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The Elusive Etiology of Multiple Myeloma

Tuesday, December 13 | 1:00 PM | RG 6040

Epidemiology will host Brenda M. Birmann, ScD, to present, “The Elusive Etiology of Multiple Myeloma,” on Tuesday, December 13, at 1:00 pm in RG 6040. Dr. Birmann conducts population-based studies on the etiology of multiple myeloma, an incurable malignancy of differentiated plasma cells, with the goal of identifying modifiable risk factors and elucidating underlying biologic mechanisms that may be exploited for myeloma prevention. Her research in the Nurses’ Health Study and Health Professionals Follow-up Study cohorts and in international consortia has, to date, focused primarily on the role of body mass index–the only known modifiable risk factor for multiple myeloma–and more generally on the role of energy balance- and inflammation-related factors in multiple myeloma etiology. Her talk will include a brief review of the epidemiology of multiple myeloma, including her recent work on obesity, aspirin use and genetic susceptibility and a discussion of research directions that could further advance the development of much-needed prevention strategies.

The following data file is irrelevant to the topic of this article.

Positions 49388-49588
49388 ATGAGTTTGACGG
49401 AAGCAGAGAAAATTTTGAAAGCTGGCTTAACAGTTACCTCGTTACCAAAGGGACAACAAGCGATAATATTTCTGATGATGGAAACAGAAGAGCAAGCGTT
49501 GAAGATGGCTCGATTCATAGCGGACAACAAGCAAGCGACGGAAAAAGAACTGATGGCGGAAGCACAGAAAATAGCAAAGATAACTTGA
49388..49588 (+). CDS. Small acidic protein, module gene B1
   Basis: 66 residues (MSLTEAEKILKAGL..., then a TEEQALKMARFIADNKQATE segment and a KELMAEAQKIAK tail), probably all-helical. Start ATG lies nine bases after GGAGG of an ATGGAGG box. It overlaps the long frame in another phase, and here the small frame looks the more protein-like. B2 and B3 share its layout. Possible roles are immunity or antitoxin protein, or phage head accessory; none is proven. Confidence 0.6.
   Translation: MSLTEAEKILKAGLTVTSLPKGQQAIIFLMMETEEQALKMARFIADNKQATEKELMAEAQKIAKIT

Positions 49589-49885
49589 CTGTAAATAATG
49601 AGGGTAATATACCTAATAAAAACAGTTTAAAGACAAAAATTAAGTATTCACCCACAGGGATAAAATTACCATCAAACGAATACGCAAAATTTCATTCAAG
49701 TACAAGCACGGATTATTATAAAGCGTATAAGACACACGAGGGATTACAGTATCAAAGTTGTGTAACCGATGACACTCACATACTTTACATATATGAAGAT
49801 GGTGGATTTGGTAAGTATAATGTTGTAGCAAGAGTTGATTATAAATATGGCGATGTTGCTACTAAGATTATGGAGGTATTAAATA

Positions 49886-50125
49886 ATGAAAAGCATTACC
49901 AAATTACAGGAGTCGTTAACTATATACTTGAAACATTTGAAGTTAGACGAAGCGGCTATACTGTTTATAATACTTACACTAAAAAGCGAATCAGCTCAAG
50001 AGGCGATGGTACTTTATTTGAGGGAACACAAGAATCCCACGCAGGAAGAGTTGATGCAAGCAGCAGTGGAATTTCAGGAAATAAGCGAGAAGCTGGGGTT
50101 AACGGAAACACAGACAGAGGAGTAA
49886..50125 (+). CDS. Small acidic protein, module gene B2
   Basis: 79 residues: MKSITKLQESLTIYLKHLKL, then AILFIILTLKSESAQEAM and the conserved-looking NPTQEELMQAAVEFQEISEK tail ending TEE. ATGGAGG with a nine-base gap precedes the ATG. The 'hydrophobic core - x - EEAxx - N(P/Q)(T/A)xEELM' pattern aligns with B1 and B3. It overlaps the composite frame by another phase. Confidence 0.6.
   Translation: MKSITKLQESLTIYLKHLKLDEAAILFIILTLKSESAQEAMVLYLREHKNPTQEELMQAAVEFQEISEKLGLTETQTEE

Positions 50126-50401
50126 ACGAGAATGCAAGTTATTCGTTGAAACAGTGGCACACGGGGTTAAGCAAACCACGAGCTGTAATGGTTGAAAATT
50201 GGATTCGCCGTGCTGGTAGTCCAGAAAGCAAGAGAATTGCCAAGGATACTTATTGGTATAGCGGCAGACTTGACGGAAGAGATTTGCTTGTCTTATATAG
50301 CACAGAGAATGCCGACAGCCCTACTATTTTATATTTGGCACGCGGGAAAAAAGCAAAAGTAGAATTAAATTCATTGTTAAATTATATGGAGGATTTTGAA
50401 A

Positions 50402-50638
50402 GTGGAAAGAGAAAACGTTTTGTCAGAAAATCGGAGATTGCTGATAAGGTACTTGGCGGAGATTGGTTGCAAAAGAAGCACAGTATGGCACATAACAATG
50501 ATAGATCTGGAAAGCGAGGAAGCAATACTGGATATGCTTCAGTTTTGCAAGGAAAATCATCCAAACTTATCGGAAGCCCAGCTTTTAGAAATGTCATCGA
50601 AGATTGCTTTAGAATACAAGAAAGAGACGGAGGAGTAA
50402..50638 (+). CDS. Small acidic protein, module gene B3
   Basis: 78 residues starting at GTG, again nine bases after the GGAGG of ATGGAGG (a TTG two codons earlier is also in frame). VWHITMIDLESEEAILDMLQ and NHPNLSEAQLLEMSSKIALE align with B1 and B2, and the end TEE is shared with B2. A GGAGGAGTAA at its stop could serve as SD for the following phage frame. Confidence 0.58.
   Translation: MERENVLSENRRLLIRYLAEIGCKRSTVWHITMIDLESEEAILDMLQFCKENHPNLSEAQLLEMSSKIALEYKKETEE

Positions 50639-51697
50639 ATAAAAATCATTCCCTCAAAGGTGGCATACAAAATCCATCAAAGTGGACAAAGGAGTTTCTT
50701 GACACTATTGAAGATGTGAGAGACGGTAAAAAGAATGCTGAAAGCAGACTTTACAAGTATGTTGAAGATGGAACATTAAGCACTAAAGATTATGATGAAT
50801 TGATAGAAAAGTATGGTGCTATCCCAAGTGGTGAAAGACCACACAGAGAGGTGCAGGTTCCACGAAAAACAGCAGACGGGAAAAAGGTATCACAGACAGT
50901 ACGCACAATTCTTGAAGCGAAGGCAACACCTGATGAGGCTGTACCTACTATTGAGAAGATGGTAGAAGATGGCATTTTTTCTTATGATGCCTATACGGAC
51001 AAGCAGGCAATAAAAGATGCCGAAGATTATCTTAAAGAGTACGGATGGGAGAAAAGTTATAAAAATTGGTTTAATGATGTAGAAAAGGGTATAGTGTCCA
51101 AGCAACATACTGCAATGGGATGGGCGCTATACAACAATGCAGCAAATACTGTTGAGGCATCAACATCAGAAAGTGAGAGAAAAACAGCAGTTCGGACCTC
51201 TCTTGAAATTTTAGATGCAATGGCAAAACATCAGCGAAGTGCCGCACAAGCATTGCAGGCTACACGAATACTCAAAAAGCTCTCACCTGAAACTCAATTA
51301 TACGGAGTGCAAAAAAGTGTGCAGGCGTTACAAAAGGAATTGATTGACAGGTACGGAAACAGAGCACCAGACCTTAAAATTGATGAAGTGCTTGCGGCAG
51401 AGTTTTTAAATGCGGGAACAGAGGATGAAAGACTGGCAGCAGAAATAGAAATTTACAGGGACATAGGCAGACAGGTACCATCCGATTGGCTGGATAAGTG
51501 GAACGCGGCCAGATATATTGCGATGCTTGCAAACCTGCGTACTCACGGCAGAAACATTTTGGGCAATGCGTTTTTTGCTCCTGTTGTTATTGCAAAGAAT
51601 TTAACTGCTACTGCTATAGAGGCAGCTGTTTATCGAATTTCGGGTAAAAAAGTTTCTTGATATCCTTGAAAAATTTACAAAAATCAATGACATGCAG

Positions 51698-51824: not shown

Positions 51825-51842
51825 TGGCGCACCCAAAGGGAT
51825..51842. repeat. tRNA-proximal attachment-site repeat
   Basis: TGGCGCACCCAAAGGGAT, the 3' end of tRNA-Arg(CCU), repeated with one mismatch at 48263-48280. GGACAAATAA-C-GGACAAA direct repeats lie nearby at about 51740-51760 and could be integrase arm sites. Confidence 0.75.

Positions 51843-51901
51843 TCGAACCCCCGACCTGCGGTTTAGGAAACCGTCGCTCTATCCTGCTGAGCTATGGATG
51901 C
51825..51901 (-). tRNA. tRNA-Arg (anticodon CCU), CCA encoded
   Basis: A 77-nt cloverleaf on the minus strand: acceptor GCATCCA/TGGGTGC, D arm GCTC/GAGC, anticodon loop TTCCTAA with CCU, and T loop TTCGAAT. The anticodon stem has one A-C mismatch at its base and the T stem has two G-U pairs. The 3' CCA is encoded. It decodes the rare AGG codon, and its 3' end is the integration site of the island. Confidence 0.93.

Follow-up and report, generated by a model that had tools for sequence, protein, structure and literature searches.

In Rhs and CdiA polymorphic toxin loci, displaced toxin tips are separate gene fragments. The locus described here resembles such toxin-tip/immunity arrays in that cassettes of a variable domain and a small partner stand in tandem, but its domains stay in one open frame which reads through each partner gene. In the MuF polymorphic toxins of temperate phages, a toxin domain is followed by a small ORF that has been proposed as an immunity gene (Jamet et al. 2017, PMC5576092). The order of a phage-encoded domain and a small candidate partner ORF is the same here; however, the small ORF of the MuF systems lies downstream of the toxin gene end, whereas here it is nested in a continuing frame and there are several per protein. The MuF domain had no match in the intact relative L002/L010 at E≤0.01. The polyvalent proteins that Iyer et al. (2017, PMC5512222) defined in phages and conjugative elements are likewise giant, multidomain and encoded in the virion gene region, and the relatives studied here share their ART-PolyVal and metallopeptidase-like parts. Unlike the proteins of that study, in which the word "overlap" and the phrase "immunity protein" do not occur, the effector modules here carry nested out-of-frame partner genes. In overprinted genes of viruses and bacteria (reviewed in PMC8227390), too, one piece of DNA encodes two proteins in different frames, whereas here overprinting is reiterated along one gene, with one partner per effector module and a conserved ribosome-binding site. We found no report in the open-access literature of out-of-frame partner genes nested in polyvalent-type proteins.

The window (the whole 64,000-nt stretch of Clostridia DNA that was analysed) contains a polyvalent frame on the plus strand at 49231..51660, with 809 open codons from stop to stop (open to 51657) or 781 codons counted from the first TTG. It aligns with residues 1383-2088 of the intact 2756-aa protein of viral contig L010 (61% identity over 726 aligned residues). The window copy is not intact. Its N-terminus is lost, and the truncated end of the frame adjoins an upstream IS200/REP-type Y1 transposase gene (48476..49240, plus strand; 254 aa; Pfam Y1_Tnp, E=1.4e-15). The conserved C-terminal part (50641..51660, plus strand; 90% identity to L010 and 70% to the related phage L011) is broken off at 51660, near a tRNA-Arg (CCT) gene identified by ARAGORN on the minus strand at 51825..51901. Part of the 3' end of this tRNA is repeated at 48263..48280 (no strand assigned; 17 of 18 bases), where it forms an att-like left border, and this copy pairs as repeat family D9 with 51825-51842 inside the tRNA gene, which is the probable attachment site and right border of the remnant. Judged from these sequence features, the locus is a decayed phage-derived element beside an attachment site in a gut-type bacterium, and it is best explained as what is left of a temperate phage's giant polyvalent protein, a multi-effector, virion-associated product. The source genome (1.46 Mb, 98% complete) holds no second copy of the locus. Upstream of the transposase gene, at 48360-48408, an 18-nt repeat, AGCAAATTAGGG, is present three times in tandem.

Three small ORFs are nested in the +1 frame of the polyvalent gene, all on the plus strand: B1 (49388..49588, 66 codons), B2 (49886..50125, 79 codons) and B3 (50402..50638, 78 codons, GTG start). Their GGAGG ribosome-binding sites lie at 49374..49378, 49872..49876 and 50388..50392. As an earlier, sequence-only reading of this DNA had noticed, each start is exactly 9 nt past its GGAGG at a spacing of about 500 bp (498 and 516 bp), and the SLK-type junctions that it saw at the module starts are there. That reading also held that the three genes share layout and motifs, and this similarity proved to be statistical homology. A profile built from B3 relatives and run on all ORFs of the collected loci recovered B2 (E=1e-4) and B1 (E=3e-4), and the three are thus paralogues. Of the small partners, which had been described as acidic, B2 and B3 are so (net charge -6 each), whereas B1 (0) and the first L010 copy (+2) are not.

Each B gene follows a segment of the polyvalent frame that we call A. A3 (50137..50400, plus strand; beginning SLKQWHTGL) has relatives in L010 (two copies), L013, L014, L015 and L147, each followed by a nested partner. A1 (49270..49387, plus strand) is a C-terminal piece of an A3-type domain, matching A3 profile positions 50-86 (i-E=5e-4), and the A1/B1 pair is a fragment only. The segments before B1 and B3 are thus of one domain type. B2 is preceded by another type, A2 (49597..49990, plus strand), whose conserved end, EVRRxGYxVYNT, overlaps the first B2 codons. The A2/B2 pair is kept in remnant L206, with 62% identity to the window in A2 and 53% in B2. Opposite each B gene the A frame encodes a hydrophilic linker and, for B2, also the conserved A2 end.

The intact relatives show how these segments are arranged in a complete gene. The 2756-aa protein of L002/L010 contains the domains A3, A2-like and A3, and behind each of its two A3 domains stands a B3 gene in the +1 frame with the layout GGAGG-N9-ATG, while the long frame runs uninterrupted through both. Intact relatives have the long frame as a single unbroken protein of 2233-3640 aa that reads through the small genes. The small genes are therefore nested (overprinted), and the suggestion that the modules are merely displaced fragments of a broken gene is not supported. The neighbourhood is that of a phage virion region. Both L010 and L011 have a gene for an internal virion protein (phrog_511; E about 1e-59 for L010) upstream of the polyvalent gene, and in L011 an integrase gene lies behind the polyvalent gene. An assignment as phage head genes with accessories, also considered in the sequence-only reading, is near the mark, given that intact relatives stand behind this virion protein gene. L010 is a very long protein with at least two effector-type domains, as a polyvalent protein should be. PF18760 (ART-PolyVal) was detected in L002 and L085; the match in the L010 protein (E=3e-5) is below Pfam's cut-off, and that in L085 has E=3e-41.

Brenda BirmannBrenda M. Birmann, ScD, is an Assistant Professor of Medicine at Harvard Medical School and an Associate Epidemiologist at the Brigham And Women’s Hospital.

Dr. Birmann’s research focuses on the epidemiology of hematopoietic malignancies, on oncogenic virus infections, and on the assessment of immune dysfunction for epidemiologic studies. Her primary active research projects are prospective evaluations of lifestyle correlates of energy balance (anthropometric measures, physical activity, diet), other immune-modulating lifestyle factors, and biomarkers of growth factor, cytokine and other endogenous hormone dysregulation in the etiology of multiple myeloma (MM) and lymphoma.

Dr. Birmann conducts studies in the Nurses’ Health Study (NHS) and the Health Professionals Follow-up Study (HPFS) populations at the Channing Division of Network Medicine. She also conducts studies in collaborative contexts, including with colleagues in the Dana-Farber/Harvard Cancer Center SPORE in Multiple Myeloma, the International Lymphoma Epidemiology (InterLymph) Consortium, the International Multiple Myeloma Consortium (IMMC) and the Lymphoid Malignancies Working Group (LMWG) of the NCI Cohort Consortium. As a present co-leader of the LMWG and former Chair of IMMC and of the Infections and Immunology Working Group of InterLymph, she helps to facilitate cross-consortium communication to nurture further collaboration on etiologic research, and she represents the NHS and HPFS cohorts in a large international consortium (formed among InterLymph and LMWG member studies) conducting a genome-wide association study of NHL.